Amine Gas Treating Process
Amine gas treatment also known as Gas sweetening, Amine scrubbing, or acid gas treatment is the process that removes H2S/CO2 and mercaptan compounds from the acid gas streams by absorption into aqueous solutions called Alkanolamines or amines. Amine treating is the most widely used in oil refineries, petrochemicals, and natural gas processing plants for removing acid gases from the process gas streams. To avoid foaming in Amine System please view the Blog “Control of Foaming in Amine System“.
Acid Gas Treatment in the oil and gas serves some major purposes as follows;
- H2S removal from the recycle gas streams of Hydrotreating and hydrocracking units to maintain the purity of the reactor feed gas.
- Treatment of the acid gases produced from the stripping sections of hydroprocessing units.
- Treatment of refinery fuel gas to prevent corrosion problems and increase the heating value of the gas.
- Treatment of liquefied petroleum gas before Merox process.
- Removal of CO2 from synthesis gas at hydrogen production plants.
- Removal of H2S/CO2 from the natural gas streams.
Amine Treating Process Description
A typical amine process is shown in the Figure below. The acid feed gas first enters the knock-out vessel to remove any liquid hydrocarbons. The gas then enters the bottom of the Amine Scrubber or Amine Absorption tower which has either trays or a packed bed. Tray towers are applied for high flow rates while packed columns are for reduced flow rates.
The sour gas moves from the bottom to the top of the absorption tower. The lean or regenerated amine enters at the top of this tower and two streams are contacted counter currently. Acid components of the sour gas (CO2/H2S) are absorbed with the chemical reaction into the amine phase. The bottom exit amine solution, loaded with CO2 and H2S, is called a rich amine.
This rich amine solution is first flashed in a flash drum to separate any hydrocarbons from the rich amine stream. The separated hydrocarbon is removed from the flash drum and recycled as slop oil. The flashed gases are normally used as fuel. A small packing tower is installed on top of the flash drum to recover H2S from the flashed hydrocarbon gas by counteracting with a slipstream of lean amine.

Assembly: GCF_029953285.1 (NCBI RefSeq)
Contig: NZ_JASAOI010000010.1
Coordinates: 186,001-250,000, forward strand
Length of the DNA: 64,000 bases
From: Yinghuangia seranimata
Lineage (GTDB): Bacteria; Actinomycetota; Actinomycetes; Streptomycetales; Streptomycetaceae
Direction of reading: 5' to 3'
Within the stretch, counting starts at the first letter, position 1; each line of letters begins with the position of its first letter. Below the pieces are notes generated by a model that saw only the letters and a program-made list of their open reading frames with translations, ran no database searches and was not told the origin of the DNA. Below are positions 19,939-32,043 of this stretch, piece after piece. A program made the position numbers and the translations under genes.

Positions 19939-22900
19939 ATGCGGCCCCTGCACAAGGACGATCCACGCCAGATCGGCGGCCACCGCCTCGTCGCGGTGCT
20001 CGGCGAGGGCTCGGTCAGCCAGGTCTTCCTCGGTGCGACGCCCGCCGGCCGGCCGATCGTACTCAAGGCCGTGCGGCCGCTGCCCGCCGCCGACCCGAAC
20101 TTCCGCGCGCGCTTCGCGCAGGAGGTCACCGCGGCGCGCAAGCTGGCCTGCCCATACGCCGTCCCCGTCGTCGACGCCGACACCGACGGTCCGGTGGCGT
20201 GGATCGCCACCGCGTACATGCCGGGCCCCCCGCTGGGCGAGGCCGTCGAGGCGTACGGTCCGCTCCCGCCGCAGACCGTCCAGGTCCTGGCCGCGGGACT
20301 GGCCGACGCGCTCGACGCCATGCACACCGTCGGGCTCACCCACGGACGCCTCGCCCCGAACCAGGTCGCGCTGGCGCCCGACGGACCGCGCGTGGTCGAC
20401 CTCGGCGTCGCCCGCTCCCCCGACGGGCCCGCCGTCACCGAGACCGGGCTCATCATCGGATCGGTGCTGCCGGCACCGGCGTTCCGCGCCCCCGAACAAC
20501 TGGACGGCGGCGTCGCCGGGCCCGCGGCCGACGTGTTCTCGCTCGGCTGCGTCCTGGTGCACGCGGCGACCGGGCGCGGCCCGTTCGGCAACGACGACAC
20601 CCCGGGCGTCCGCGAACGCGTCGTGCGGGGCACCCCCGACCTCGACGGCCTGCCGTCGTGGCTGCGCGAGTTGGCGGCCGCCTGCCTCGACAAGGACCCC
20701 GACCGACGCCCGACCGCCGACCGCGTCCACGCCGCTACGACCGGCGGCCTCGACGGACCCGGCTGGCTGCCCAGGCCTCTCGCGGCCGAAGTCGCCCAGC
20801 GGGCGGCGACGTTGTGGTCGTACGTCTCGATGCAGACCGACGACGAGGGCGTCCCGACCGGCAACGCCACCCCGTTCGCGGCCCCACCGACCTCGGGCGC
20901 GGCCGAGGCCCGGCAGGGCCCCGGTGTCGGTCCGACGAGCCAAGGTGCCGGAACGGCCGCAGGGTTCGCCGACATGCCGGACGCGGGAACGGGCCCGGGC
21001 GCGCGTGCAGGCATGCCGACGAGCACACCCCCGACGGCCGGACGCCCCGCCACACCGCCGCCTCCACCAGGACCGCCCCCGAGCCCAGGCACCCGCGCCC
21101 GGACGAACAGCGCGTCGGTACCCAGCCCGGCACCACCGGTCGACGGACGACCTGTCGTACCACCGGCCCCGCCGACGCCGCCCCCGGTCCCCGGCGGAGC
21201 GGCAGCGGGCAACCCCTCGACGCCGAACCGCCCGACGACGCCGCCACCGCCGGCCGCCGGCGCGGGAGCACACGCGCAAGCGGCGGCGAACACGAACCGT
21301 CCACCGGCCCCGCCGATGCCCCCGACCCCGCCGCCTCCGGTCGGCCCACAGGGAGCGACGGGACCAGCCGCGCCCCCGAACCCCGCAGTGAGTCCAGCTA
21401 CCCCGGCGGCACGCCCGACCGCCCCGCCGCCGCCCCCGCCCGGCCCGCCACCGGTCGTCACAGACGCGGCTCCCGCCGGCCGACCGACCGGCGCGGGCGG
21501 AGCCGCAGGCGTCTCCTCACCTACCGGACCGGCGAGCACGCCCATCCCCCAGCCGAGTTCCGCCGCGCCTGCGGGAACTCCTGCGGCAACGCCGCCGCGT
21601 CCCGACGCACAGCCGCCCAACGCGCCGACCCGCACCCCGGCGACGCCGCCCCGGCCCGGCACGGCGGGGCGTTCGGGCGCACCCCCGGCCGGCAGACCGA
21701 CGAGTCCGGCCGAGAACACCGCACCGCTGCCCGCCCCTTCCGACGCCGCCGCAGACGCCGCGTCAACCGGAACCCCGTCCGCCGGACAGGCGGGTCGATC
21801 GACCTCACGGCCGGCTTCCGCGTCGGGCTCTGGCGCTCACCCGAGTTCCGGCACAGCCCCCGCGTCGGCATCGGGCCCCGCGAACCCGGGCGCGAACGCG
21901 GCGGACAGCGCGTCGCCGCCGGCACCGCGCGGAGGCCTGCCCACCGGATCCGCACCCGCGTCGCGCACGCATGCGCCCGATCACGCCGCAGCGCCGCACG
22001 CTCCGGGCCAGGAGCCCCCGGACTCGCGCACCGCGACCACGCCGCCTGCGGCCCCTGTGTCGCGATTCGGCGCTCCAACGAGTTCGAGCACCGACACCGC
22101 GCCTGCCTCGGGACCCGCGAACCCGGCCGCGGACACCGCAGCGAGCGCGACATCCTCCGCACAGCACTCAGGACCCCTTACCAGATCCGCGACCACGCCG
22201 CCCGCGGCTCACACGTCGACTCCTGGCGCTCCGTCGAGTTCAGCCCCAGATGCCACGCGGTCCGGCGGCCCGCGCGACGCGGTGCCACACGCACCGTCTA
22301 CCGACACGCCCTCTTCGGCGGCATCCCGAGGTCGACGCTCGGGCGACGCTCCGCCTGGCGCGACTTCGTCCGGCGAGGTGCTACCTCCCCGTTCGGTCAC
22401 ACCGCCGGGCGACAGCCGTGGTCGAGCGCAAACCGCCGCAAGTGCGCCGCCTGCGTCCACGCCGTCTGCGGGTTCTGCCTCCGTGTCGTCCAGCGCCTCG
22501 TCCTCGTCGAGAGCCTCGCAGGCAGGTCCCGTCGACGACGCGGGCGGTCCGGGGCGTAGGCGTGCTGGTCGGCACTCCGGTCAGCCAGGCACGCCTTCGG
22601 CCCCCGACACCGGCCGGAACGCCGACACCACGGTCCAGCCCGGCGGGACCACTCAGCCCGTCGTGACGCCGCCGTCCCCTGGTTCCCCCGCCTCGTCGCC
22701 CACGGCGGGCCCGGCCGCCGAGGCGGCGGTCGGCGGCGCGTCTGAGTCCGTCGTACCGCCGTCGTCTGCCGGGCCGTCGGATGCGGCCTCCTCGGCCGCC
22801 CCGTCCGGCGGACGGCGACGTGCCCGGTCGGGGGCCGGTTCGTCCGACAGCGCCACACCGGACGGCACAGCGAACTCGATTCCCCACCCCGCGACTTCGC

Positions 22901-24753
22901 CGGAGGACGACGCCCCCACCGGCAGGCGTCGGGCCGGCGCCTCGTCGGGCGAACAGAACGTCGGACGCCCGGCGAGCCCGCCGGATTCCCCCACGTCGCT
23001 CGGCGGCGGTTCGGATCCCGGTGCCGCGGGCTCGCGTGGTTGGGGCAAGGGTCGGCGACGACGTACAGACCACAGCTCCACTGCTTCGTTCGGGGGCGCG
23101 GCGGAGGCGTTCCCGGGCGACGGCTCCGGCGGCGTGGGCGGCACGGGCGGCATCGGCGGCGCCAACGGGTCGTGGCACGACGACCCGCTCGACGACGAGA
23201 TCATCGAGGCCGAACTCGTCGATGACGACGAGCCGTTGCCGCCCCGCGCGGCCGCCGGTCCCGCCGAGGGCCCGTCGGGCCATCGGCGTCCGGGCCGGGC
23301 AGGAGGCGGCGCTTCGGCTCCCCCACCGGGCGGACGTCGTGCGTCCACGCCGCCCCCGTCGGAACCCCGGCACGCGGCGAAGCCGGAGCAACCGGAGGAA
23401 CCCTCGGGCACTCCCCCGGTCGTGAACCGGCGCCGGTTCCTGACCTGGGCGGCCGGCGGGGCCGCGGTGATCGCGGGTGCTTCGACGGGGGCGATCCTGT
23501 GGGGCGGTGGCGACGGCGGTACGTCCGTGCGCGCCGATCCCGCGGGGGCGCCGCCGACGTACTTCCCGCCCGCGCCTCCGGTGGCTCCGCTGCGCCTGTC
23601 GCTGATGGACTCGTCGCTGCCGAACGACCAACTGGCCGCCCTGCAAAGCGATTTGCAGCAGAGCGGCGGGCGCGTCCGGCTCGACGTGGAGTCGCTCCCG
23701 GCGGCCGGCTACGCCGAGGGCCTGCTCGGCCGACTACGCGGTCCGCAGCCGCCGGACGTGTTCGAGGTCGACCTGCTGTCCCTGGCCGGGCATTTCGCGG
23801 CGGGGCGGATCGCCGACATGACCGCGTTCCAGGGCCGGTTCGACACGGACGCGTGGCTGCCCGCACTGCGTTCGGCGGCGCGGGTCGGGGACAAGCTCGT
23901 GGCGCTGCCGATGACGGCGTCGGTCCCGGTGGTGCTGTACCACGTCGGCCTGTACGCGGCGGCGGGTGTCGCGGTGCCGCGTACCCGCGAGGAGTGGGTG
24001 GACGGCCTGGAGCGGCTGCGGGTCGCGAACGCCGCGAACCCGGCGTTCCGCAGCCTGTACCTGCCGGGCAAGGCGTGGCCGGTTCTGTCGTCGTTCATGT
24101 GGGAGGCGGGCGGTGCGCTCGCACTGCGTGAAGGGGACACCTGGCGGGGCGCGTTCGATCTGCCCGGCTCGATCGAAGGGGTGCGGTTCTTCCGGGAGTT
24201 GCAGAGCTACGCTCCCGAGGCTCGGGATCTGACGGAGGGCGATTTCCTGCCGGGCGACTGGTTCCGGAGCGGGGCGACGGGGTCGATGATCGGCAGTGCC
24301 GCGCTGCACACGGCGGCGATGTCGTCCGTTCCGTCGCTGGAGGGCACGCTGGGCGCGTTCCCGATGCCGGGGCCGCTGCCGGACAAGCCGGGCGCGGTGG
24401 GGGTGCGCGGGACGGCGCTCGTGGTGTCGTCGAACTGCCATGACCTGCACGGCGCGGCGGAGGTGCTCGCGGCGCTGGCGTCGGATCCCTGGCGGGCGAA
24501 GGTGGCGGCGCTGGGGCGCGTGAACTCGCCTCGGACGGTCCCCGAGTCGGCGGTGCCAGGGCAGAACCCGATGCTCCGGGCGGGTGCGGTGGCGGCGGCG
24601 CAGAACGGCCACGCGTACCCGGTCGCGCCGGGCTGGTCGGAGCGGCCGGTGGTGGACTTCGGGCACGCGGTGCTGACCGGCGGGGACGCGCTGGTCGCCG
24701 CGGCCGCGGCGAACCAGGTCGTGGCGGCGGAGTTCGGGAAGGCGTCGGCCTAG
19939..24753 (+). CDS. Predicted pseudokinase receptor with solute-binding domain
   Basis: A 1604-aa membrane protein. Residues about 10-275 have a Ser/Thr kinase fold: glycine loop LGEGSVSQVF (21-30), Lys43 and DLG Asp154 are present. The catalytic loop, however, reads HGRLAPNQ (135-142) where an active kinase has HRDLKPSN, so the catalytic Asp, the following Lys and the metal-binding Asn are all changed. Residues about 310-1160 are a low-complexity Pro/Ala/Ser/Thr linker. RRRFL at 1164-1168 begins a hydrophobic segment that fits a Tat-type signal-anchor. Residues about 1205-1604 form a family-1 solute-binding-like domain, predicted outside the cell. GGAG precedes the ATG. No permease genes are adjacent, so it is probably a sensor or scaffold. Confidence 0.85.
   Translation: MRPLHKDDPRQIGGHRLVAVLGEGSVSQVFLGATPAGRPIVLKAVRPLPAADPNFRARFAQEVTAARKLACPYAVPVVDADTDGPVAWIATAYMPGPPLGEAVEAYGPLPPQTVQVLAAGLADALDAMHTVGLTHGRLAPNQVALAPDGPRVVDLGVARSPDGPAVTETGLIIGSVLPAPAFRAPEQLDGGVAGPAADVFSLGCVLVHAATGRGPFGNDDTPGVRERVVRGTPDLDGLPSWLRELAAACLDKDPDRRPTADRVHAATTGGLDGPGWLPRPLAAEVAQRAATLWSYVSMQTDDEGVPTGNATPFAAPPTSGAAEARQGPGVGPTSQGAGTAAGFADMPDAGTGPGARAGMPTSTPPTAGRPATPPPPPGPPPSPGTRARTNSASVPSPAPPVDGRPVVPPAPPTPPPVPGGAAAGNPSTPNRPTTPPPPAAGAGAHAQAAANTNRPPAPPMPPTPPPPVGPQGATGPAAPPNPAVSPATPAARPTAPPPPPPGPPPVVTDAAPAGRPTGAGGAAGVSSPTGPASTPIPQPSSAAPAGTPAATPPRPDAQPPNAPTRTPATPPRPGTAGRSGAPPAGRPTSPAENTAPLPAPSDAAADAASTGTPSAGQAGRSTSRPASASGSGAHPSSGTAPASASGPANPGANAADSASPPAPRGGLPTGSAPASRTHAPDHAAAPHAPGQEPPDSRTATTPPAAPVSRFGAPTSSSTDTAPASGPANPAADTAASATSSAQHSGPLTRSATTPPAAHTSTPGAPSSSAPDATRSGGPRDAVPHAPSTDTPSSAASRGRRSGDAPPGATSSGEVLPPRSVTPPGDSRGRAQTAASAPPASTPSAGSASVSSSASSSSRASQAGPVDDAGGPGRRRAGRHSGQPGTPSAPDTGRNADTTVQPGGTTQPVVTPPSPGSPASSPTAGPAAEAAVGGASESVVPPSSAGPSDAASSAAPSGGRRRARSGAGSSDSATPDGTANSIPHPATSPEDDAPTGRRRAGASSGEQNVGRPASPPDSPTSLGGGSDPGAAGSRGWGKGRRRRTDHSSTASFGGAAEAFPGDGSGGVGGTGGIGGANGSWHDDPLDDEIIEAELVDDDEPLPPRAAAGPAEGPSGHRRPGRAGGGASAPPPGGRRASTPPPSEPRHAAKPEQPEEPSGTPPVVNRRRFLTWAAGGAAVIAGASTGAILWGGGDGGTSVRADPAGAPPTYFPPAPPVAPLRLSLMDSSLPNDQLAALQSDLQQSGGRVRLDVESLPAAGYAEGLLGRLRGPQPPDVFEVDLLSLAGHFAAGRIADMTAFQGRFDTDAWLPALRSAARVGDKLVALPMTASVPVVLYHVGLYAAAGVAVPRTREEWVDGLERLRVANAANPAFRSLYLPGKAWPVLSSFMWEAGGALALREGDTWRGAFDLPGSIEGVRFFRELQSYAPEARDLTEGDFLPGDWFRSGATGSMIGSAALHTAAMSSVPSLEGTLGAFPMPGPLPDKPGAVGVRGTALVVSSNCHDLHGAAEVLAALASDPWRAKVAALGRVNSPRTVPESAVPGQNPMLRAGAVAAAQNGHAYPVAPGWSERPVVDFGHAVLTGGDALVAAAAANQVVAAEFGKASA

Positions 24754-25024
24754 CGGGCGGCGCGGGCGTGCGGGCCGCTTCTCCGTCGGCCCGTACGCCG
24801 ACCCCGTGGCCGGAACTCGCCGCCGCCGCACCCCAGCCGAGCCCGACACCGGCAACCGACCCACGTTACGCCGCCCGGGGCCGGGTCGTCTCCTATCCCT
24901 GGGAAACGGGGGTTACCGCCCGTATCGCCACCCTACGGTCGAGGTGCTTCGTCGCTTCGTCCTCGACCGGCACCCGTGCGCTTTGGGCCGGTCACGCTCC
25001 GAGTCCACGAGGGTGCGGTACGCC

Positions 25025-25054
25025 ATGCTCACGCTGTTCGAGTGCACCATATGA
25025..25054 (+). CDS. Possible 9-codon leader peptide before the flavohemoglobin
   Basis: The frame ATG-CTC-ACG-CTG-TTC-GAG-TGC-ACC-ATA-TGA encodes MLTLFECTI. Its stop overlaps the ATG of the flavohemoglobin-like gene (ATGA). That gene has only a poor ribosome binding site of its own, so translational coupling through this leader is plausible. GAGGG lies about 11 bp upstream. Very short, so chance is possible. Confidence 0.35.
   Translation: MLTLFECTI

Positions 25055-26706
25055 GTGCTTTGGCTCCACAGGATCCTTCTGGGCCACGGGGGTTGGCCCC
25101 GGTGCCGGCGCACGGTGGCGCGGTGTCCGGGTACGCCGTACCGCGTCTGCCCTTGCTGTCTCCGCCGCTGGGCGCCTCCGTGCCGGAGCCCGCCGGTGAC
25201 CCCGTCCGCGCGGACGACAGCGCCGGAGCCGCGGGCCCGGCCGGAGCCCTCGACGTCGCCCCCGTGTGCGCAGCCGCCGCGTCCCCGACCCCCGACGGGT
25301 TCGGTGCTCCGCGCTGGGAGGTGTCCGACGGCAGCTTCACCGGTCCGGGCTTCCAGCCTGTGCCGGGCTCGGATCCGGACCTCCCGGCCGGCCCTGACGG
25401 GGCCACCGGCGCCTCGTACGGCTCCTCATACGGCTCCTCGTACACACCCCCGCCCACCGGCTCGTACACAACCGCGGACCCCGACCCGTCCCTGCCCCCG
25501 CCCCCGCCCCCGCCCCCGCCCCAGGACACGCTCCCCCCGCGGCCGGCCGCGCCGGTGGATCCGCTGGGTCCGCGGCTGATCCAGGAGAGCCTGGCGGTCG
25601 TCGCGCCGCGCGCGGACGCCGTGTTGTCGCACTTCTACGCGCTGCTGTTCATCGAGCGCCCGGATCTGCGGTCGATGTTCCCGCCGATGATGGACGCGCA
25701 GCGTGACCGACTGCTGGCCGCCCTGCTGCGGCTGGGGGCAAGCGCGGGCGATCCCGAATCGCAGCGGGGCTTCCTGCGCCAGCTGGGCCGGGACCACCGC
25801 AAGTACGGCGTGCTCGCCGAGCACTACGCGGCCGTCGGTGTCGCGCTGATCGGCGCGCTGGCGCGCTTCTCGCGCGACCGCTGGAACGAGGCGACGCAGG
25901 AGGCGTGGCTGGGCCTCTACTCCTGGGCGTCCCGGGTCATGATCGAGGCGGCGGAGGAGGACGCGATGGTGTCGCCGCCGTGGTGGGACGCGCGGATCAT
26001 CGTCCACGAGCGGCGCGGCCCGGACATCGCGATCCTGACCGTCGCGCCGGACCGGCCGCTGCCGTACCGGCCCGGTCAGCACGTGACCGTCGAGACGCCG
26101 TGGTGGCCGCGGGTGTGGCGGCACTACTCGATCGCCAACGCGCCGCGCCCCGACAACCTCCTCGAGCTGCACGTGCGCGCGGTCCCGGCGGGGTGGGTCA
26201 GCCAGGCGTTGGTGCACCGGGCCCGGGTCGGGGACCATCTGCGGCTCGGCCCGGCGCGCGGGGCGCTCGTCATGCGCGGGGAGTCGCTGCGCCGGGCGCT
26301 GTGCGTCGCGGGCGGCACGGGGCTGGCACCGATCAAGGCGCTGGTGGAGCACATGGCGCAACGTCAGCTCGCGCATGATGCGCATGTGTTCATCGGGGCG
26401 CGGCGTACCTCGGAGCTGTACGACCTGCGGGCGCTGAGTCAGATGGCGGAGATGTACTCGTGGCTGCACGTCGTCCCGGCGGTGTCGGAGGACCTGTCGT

The rich amine from the flash drum is pumped and preheated with the stripper lean-rich heat exchanger. The heated rich amine enters the top of the stripper to strip out acid gases (CO2 and H2S) from the solution and exits at the top of the tower. Steam-heated reboilers are applied at the bottom of the stripper to regenerate the rich amine. A small quantity of live steam is also injected into the stripper to achieve the water balance in the system.
The lean regenerated from the stripper, after partial cooling in the lean-to-rich solution heat exchanger, is pumped to the amine absorber through an air-cooled exchanger. A slipstream of 10 ~15% is passed through mechanical filters to remove solid particles and carbon filters to remove chemical impurities from the lean amine solution.
Acid gases stripping column top are cooled to condense a major portion of the water vapor. This condensate is continually fed back to the system to prevent the amine solution from becoming progressively more concentrated. Generally, all of this lean solution is fed back to the top of the stripping column at a point above the rich-solution feed and serves to absorb and return amine vapors carried by the acid gas stream.
The regenerated amine (lean amine) is recycled back to the top of the absorption tower. The stripped overhead gas from the regenerator is concentrated in H2S and CO2. This H2S-rich stripped gas stream is then usually sent to a Claus process to convert it into elemental Sulphur.
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